Monster and Beast
This paper will compare the themes of the novel Frankenstein, a book written by Mary Shelley which was published anonymously in 1818 with Disneys 1991 animated film, Beauty and the Beast, a musical by Alan Menken and Howard Ashman. The novel and the film both have remarkable similarities and connection in terms of the characters, settings and symbols used.
The novel starts with Victor Frankensteins meddling with the natural set of things including death. In Frankensteins intelligent but obsessive mind, he reanimates a creature only to realize his mistakes and in the end makes him miserable. In the film, the beasts story begins with an old woman begging for shelter from the cold on a castle owned by a heartless prince. And because of his cruelty, he sends the old woman away who turns out to be a powerful fairy. The fairy casts a spell into the castle turning the prince into a terrible beast.
The settings of both the novel and the film have both scenes that depict the forest. In the novel, the forest to the creature is his source of knowledge as he goes his way discovering new ideas on his innocent but keen mind. It is also his source of food and his dwelling when he needs to rest away from the cruelty of humans. Whereas, in the film the forest is the cause of trouble for both Belle (leading lady character) and his father; as they almost get eaten by the hungry wolves. It is in the forest however where they meet the other main character, the beast, whose castle they accidentally discover. The meeting with the beast is bitter at first, but it leads to the change of heart of the beast which breaks the curse as he and Belle fall in love.
Both the creature and the beast are characters portrayed as flawed in appearances. The beast in the film becomes a legendary monster that people in the village are afraid of. Compared to the beast who has been a cruel individual to begin with, the creature in the novel starts as innocent and nave because he is abandoned by his maker after his creation. But he is created with superhuman intelligence and by his unique ability to analyze; he comes to know his surroundings. In the process, he becomes aware of his hideous appearance and comes to realize how humanity disgusts his looks; that even Victor his maker rejected him at the time of his reanimation.
From the mishap he experiences with the townspeople, the creature turns his attention on a family living in a cottage. This is where he feels the longing for company, to be connected with society. He longs for human acceptance but at the same time, he feels alienated because he is different in physical appearance. It is shown in the story that even how much he tries to do good to the cottagers they still react violently to his hideousness. As Midwest Quarterly writer Ashley Lancaster points out, [T]he Monster actually represents a mythical form of dispossessed being society refuses to accept (134). The result of his alienation from humanity develops hatred and the creature becomes a murderous fiend. The beast however is a creature made from magic, a cursed spell that makes him the cause of fear from the villagers. And because of this, he becomes an exile, an individual trapped in his own castle at the same time longing for true companion. Similarly, they are both outcasts of society.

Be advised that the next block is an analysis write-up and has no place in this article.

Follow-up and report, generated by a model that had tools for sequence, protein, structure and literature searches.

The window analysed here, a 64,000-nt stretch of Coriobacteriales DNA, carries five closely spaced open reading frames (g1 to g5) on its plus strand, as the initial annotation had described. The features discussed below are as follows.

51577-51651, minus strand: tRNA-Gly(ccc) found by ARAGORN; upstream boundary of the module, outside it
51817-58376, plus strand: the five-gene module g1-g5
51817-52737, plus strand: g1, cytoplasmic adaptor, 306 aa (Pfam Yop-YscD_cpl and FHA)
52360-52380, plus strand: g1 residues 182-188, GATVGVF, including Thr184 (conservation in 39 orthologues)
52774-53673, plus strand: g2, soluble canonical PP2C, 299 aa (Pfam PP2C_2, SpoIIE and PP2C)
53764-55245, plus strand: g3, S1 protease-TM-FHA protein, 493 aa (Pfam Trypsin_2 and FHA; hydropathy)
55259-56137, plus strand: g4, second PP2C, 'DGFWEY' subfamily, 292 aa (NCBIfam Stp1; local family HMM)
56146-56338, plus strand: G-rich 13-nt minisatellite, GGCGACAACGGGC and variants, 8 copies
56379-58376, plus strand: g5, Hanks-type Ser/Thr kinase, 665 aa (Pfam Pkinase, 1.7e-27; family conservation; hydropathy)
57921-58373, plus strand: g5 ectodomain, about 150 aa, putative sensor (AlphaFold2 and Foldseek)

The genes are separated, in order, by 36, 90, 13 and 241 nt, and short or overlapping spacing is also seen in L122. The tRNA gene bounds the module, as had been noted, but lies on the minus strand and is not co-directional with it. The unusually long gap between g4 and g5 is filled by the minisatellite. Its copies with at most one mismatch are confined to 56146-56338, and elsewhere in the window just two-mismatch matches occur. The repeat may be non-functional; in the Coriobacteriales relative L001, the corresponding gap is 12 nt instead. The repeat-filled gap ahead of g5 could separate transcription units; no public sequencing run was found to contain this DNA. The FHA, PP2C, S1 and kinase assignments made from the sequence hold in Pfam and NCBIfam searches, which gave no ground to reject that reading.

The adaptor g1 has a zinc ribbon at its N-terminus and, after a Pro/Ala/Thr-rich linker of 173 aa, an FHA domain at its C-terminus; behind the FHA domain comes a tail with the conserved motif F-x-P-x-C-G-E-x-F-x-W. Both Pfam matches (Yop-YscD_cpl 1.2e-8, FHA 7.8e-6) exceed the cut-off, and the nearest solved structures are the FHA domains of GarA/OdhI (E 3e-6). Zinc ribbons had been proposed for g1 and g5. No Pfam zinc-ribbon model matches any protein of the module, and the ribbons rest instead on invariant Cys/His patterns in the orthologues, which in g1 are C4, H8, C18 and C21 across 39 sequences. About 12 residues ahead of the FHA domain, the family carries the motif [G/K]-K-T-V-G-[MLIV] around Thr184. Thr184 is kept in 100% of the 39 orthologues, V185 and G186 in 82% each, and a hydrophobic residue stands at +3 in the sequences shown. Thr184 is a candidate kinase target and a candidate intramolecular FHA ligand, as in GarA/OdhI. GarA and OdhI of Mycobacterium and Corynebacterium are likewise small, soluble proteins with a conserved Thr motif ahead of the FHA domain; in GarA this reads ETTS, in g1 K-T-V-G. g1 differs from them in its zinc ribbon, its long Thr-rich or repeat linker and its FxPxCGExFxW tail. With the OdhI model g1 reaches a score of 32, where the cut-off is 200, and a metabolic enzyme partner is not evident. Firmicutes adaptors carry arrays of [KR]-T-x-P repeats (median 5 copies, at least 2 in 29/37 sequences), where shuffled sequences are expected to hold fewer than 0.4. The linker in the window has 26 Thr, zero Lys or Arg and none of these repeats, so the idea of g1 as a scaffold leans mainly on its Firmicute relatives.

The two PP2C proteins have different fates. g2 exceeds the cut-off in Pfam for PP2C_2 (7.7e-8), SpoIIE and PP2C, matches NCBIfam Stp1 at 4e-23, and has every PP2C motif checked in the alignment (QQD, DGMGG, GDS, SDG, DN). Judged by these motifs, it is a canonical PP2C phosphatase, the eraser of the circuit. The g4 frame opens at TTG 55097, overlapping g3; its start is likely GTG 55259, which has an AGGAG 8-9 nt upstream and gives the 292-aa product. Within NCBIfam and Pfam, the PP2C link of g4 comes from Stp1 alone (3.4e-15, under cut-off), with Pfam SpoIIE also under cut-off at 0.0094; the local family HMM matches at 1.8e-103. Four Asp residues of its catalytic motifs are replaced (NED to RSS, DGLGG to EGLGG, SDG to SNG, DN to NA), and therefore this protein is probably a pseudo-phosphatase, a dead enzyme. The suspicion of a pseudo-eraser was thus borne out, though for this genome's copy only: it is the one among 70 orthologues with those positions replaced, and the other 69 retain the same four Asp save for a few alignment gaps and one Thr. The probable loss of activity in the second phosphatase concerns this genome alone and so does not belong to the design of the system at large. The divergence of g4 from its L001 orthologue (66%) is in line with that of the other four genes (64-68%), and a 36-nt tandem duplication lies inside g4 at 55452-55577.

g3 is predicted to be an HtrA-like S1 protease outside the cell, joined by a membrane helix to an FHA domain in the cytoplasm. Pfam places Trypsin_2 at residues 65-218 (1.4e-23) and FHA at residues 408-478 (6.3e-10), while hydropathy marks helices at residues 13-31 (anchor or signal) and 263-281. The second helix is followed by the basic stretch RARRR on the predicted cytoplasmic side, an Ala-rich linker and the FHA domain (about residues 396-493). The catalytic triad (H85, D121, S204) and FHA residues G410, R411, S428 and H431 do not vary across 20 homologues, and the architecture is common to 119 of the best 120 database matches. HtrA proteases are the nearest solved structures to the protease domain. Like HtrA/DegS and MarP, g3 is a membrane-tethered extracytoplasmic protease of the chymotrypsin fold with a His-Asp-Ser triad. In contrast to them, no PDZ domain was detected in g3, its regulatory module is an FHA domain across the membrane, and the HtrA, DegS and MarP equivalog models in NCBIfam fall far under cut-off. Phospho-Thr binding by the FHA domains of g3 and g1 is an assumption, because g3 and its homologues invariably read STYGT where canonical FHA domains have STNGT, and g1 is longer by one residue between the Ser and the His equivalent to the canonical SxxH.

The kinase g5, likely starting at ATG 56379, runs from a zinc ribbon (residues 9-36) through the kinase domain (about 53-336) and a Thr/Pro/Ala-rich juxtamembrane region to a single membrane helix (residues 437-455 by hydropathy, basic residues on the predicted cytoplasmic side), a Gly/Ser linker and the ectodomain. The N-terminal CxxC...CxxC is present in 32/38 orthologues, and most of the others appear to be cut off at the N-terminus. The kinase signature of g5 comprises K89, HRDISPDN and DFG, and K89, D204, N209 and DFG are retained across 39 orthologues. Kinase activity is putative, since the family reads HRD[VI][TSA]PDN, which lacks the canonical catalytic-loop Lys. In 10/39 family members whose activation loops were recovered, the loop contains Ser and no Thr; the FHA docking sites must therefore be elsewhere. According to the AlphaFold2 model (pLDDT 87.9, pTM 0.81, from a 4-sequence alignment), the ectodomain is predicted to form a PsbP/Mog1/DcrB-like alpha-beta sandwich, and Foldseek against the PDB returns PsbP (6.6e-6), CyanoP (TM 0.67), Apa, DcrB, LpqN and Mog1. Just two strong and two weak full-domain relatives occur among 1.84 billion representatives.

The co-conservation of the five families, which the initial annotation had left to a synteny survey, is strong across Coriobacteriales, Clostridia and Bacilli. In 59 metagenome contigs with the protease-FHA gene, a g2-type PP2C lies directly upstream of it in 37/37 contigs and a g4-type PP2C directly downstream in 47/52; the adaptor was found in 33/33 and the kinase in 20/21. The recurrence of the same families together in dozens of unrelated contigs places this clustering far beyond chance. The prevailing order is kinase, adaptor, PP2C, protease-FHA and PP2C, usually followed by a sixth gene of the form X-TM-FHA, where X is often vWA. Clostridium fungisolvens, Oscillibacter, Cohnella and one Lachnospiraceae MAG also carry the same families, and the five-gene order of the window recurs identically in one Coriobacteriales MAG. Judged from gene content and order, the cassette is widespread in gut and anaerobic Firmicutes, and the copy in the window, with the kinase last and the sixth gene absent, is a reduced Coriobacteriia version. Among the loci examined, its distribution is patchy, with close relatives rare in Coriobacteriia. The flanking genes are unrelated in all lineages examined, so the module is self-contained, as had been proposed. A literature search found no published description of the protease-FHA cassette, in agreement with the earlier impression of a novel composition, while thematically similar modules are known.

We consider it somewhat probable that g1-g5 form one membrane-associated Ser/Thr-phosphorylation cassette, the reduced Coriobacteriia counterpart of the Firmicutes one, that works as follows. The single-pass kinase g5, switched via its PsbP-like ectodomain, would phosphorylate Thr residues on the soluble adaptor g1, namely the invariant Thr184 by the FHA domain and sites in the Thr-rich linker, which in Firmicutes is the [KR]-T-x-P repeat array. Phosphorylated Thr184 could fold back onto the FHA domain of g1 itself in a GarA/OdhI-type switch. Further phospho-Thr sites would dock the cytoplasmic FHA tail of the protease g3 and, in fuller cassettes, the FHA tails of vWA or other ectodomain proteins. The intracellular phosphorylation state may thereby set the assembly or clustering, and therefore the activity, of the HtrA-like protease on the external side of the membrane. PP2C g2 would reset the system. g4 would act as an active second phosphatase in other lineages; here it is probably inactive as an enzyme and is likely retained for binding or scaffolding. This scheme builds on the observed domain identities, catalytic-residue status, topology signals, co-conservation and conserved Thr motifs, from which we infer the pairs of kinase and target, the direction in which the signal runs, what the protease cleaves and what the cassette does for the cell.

It is an indisputable human trait that society can overlook what is beneath the physical form. Anthony Synott a professor of sociology at Concordia University in Montreal says, [Theres] no reason for us to think that beautiful people are actually good and ugly people evil, yet we do (qtd. in Kershaw). Prejudice towards appearance is a theme that runs significantly on the film and the novel. Another theme is social acceptance. The creature in Frankenstein never has the chance to connect with humanity. The beast however, is given a chance by the character Belle who accepts and loves him. Thus, societal acceptance becomes a powerful factor for both the creature and the beast to their outcome as characters.
The film and the novel also tackle symbolism in their stories. Two of the significant symbols in the film and the novel are the enchanted rose and lightning. The enchanted rose signifies a deadline for the beast to change his ways. The rose that will bloom on his 21st year will cure him of the cursed spell unless he learns to love and be loved in return before the last petal fell. In contrast to the film, lightning in the novel symbolizes more as a beginning, the medium for creation. Lightning gives life to Frankensteins monster. It also symbolizes electricity which at this time is not yet discovered. A writer for the Screen Education periodical observes, Mary Shelly gives the audience a glimpse of the future with the image of electrical animation (131). The author, with influences from different scholars and scientists, may have given her the idea of a future where the world runs significantly on electricity.
The climax of the film is the emergence of the lady character Belle which changes the beasts life. It is here where the beast gets a second chance to renew his personality, to make a significant change to break the spell. This chance is created in the form of romance. In the novel, the peak is where the creature meets his creator Victor Frankenstein in the mountains. In this part, the audience is told of the creatures adventures and misfortunes, giving emphasis on the reason of his vengeance against his creator and making Victor realize the grave mistake he made and its horrible consequences.
The plot may have been different on some angles but both the film and the novel give emphasis on human actions and their consequences. All in all, Shelleys Frankenstein has a subtle but significant association with the film Beauty and the Beast